Grassroots football free to return to competition from September says FA and government
PUBLISHED: 10:23 20 July 2020 | UPDATED: 10:23 20 July 2020
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Non-league and grassroots football can start competitive fixtures in September – although there is still plenty of work required before leagues restart.
The FA’s plan for a return to outdoor matches was approved by the government late on Friday night.
Full training can commence for groups up to 30 people, a number which includes coaches, and from August there can be pre-season fixtures, festivals and small-sided competitions.
League and cup fixtures for non-league and the women’s game between tiers three and six are free to get going from September 5 for the National League and Spartan South Midlands League and September 19 for the Isthmian and Southern championships.
There are plenty of provisos and guidelines that must be adhered to include regular hygiene breaks, ball handling kept to a minimum and an attendance list of players and officials kept for test and trace purposes.
They even stress that “goal celebrations should be avoided”.
The sticking point for some will come in the size of the crowd allowed.
In the specific documentation for clubs in the National League System, it says that gatherings of more than 30 people are not permitted “at this time for any matches or training”.
It goes on to say that they are working with the government to “understand the timescale for the return to spectators at sporting events.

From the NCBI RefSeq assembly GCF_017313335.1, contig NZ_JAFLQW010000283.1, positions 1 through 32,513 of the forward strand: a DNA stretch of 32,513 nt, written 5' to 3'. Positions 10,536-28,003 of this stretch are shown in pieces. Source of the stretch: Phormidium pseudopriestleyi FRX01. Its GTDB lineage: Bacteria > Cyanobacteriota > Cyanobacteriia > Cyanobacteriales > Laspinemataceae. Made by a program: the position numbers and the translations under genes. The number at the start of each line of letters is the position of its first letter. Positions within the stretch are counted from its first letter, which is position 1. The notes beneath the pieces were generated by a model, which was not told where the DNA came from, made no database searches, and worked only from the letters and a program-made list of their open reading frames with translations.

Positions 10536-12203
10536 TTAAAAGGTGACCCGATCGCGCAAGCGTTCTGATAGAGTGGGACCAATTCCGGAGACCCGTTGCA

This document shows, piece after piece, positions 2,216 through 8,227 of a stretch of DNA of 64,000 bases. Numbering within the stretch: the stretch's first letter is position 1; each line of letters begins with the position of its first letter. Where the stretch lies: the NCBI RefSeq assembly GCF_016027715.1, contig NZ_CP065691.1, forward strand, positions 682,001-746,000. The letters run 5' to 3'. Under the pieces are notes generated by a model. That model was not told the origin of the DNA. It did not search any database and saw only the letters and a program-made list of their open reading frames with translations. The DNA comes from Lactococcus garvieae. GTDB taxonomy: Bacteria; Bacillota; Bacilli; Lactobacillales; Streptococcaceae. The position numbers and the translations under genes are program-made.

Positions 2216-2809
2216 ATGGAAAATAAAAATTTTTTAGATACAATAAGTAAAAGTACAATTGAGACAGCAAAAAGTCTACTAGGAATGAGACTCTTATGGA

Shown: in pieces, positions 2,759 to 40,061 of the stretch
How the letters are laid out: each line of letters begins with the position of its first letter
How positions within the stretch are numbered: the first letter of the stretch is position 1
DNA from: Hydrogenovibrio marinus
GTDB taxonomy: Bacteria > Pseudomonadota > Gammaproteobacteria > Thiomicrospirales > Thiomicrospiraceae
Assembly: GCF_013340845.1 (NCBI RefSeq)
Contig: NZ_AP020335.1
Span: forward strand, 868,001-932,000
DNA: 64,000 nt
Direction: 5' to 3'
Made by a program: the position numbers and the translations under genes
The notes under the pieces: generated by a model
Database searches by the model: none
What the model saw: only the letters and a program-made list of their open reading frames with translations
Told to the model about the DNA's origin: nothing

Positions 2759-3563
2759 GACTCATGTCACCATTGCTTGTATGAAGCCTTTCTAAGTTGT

“Initial discussions have identified that it will be difficult to return to competitive matches without the ability to welcome some form of spectators to matches.”
But clubs are still being asked to formulate a plan for the eventual return of fans, even if that is at a reduced capacity, and the FA are themselves pleased that football has been given the green light to come back.
Their director of football development, James Kendall, said: “We’re delighted that the government has given the go-ahead for competitive grassroots football to return. The past few months have been some of the most challenging times not just for football, but across society, and today’s news will be welcomed by the grassroots football community all over the country.
“Now that we are able to look ahead to the new season, it’s crucial that we continue to do all we can to follow safety measures, both as advised by the government and specifically for football.
“I would encourage anyone returning to competitive grassroots football to take the time to read this guidance, prepare thoroughly and to adopt our recommended approach to phasing football back in.
“I would also like to thank you for playing your vital part in helping our great game to get going again.”
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